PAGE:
Aggregates Manager

November 2013

Aggregates Manager Digital Magazine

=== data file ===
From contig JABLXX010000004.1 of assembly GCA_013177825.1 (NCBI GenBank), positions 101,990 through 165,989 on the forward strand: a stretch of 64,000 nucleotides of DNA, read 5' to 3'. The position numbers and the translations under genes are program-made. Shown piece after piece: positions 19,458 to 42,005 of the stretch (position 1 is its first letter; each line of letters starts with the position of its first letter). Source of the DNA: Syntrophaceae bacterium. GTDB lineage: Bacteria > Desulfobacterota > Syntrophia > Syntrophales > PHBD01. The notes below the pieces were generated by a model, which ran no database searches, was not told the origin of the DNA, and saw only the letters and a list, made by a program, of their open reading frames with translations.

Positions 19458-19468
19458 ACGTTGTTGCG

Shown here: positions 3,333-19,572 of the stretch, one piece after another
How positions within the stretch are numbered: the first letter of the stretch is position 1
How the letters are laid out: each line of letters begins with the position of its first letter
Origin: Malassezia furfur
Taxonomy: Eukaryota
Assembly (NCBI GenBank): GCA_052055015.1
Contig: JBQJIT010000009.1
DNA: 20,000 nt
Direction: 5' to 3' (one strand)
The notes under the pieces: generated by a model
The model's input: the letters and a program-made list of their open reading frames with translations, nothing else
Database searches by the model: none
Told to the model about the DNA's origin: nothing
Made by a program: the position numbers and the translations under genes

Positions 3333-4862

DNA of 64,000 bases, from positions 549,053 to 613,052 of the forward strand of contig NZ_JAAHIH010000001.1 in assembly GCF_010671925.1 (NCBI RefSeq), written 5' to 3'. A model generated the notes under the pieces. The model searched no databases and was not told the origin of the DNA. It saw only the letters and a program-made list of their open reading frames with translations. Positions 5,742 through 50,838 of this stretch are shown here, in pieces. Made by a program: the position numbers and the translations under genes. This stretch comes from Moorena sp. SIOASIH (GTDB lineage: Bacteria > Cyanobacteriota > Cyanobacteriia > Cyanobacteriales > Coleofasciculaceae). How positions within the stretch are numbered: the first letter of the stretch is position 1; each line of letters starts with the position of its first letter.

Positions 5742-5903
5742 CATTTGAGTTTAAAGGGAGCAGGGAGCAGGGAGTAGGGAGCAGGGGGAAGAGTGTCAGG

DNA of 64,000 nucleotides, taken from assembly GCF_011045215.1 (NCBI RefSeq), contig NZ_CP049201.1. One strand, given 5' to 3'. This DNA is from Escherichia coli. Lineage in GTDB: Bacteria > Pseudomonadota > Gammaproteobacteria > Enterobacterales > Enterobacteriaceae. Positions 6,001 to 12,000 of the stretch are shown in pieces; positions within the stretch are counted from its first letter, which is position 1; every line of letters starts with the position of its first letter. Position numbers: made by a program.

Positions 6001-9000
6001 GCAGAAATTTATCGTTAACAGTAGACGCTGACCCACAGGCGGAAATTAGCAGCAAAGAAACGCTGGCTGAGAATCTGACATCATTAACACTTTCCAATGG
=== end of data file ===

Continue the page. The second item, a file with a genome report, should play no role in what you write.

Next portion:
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by Therese Dunphy, Editor-in-Chief November 2013 Vol. 18, No. 11 /AggregatesManager @AggMan_editor Editorial Editor-in-Chief: Therese Dunphy Editorial Director: Marcia Gruver Doyle Online Editor: Wayne Grayson Online Managing Editor: Amanda Bayhi Design & Production Art Director: Sandy Turner, Jr. Production Designer: Timothy Smith Advertising Production Manager: Linda Hapner Construction Media Senior VP, Construction Media: Dan Tidwell VP of Sales, Construction Media: Joe Donald 3200 Rice Mine Rd NE Tuscaloosa, AL 35406 800-633-5953 Corporate Chairman/CEO: Mike Reilly President: Brent Reilly Chief Process Officer: Shane Elmore Chief Administration Officer: David Wright Senior Vice President, Sales: Scott Miller Senior Vice President, Editorial and Research: Linda Longton Vice President of Events: Alan Sims Vice President, Audience Development: Stacy McCants Vice President, Digital Services: Nick Reid Director of Marketing: Julie Arsenault For change of address and other subscription inquiries, please contact: Aggregates Manager TM magazine (ISSN 1552-3071) is published monthly by Randall-Reilly Publishing Company copyright 2013. Executive and Administrative offices, 3200 Rice Mine Rd. N.E., Tuscaloosa, AL 35406. Subscription rates: $24 annually, Non-domestic $125 annually. Single copies: $7. We assume no responsibility for the validity of claims of manufacturers in any advertisement or editorial product information or literature offered by them. Publisher reserves the right to refuse non-qualified subscriptions. Periodical circulation postage paid at Tuscaloosa, Alabama and additional entries. All rights reserved. No part of this publication may be reproduced or transmitted in any form or by any means, electronic or mechanical, including photocopying, recording, or by an information storage retrieval system, without written permission of the copyright owner. POSTMASTER: Send all UAA to CFS. (See DMM 707.4.12.5); NON-POSTAL AND MILITARY FACILITIES: send address corrections to Aggregates Manager, 3200 Rice Mine Road N.E.,  Tuscaloosa, AL  35406. Editorial_AGRM1113.indd 3 TAKE TIME itAND Get Right O n Sept. 12, the Occupational Safety and Health Administration (OSHA) published a notice of proposed rulemaking for occupational exposure to respirable crystalline silica. While our coverage of health and safety issues typically focuses on the Mine Safety and Health Administration (MSHA), which regulates aggregate operations, this is an issue that must be addressed now (read more details on page 32). As most of you already know, crystalline silica is often found in stone, sand, and gravel, among other common construction materials. The impact of this rulemaking is enormous; industry experts estimate the cost of this regulation to be $658 million. In addition, MSHA has said it intends to introduce a silica regulation for the mining industry. Its regulation is expected to rely on this standard's regulatory analysis. When the notice was published, OSHA allowed a 90-day window for public review and comment. As Dec. 11 rapidly approaches, consider that the rule — which proposes a 50-percent reduction in the current permissible exposure limit to 50µg/m3 of workspace air and an action level of 25µg/m3 of workspace air — had a development period of more than a dozen years. The White House Office of Management & Budget (OMB) began to review it in February 2011. It took the OMB two and a half years to review the proposed rulemaking because the rule itself is 230 pages long. In addition, there are nearly 500 pages of background documents and more than 1,400 pages of preliminary economic analysis. And, the docket for the rulemaking exceeds 1,700 documents! We'd need an industry full of speed-readers just to wade through this stockpile of paperwork within 90 days, let alone develop meaningful and accurate comments. To make matters even more challenging, OSHA has withheld documents used in its rulemaking, despite formal requests for them. So to recap, the agency took 12 years to develop the rule and wants industry to have a little more than 12 weeks to comment on it. A 90-day window denies the public the opportunity to fairly and fully comment on the rule. It is simply unacceptable. So let's talk about what would be an appropriate timeline. It's unrealistic to think that we'd be allowed the same two and a half years OMB had to wade through this regulation, but, at minimum, OSHA should take its original estimate and double it. An extension until March would give the industry a scant two weeks per year of development to review the rule. An additional extension for written testimony, of say 30 to 60 days, might actually give commenters time to put pen to paper and articulate the challenges this rule may pose. As an industry, we must demand an appropriate extension. OSHA must allow experts to process this regulation and provide meaningful feedback. Industry jobs will likely depend on it. AGGREGATES MANAGER November 2013 3 10/18/13 8:47 AM

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